Update: The below mentioned trials are closed to enrollment.
The peripheral T-cell lymphomas (PTCL) are a heterogeneous group of lymphoid diseases that constitute less than 15 percent of all non-Hodgkin lymphomas in adults in North America. The most common subtypes are 1) Peripheral T-cell lymphoma, not otherwise specified (PTCL, NOS); 2) Anaplastic large cell lymphoma, primary systemic type (ALCL); and 3) Angioimmunoblastic T-cell lymphoma (AITL). The PTCLs are generally aggressive, and tend to run a more relapsing and less favorable clinical course compared to B-cell NHLs. Relapsed and refractory diseases are common. Novel and target therapies are in much need.
At the recent Annual Society of Hematology (ASH) meeting, Dr. Friedberg of the University of Rochester reported the result of a phase 2 trial of Alisertib (MLN8237), a potent inhibitor of aurora A kinase, in patients with relapsed aggressive non-Hodgkin’s lymphoma (NHL). Aurora kinases regulate mitosis during cell division. Inhibition of aurora A kinase can lead to mitotic errors and premature cell death. Alisertib is taken orally twice daily for 7 days on 21-day cycles. This phase 2 study enrolled a total of 48 patients, including 8 patients with peripheral T-cell lymphoma. The overall response rate was 32%. Response in T-cell NHL was the most impressive at 57%: four out of eight patients responded, and the some of the responses were durable. The response rates in DLBCL and MCL were modest around 20%. Treatment-related side effects were generally tolerable and included low blood counts, fever, fatigue and inflammation in mouth. Based on these results, additional clinical trials (phase II sponsored by SWOG / NCI and phase III sponsored by Millennium) with this orally available compound are moving forward in T-cell lymphoma. Both of these studies will be available soon at Weill Cornell Medical College (click here to read about the SWOG/NCI trial and click here to read about the Millennium trial on clinicaltrials.gov).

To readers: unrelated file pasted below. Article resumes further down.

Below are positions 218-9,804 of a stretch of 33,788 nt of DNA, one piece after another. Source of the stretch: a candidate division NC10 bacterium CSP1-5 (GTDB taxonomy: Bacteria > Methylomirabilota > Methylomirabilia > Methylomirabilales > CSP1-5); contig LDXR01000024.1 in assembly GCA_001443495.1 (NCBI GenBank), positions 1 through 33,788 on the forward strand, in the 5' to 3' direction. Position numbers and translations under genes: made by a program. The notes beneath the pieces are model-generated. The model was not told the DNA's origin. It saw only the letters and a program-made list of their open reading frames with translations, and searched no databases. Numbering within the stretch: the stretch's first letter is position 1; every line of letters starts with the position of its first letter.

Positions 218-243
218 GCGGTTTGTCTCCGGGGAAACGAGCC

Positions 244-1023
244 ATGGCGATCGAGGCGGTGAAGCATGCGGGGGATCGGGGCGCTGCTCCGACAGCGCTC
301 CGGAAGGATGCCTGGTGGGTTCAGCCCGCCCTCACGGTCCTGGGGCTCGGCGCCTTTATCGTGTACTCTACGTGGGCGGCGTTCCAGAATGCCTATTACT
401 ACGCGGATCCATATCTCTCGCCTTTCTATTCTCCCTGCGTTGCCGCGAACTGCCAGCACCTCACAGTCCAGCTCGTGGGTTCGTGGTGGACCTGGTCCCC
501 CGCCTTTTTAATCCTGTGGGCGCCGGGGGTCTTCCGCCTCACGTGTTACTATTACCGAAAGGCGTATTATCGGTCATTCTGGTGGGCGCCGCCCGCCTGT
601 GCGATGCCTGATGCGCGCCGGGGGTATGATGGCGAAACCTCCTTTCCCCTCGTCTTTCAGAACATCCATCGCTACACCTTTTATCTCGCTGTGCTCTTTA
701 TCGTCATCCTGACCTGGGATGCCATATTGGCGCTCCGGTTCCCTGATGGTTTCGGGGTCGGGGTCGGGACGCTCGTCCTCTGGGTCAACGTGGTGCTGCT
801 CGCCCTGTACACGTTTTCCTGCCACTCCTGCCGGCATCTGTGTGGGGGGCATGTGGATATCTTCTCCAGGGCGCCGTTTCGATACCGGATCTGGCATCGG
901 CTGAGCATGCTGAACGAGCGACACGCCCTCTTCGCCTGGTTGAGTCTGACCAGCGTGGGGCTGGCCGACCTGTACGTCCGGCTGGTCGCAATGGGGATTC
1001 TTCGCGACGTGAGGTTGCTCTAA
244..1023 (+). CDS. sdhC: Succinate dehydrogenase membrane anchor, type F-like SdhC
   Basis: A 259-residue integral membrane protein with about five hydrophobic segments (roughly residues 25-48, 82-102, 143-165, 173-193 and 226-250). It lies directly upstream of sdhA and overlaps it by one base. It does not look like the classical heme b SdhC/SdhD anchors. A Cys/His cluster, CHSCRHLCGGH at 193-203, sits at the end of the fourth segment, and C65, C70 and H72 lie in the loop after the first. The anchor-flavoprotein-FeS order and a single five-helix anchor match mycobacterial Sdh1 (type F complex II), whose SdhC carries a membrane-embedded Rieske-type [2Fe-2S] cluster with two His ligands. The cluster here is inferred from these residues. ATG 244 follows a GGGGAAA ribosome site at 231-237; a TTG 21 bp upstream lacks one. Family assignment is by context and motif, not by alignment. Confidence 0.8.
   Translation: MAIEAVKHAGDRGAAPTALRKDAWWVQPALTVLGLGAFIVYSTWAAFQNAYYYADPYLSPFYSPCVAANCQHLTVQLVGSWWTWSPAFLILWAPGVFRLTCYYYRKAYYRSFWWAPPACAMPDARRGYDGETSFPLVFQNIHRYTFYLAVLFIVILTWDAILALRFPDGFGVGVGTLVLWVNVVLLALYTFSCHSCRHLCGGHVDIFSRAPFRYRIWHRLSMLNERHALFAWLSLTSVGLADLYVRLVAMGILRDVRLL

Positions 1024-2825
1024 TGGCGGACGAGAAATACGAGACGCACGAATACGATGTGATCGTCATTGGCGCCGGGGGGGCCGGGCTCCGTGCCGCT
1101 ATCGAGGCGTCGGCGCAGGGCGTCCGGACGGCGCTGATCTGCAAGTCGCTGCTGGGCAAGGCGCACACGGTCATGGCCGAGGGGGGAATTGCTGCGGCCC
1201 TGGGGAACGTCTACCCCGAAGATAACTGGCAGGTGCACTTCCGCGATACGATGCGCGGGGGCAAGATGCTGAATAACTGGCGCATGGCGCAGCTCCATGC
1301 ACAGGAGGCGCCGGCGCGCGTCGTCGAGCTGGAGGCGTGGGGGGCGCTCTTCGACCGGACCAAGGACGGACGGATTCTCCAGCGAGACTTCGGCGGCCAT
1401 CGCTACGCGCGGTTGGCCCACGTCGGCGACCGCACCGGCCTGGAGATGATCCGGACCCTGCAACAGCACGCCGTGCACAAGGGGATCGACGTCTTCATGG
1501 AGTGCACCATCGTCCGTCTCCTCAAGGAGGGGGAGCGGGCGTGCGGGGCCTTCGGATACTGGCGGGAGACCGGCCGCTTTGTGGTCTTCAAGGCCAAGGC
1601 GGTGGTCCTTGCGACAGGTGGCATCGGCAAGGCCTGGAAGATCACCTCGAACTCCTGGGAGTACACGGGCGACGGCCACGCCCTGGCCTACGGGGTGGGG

Dr. Advani of Stanford University discussed the updated results of an international phase 2 study of Brentuximab vedotin (SGN-35) in patients with relapsed or refractory systemic anaplastic large cell lymphoma Read the rest of this entry »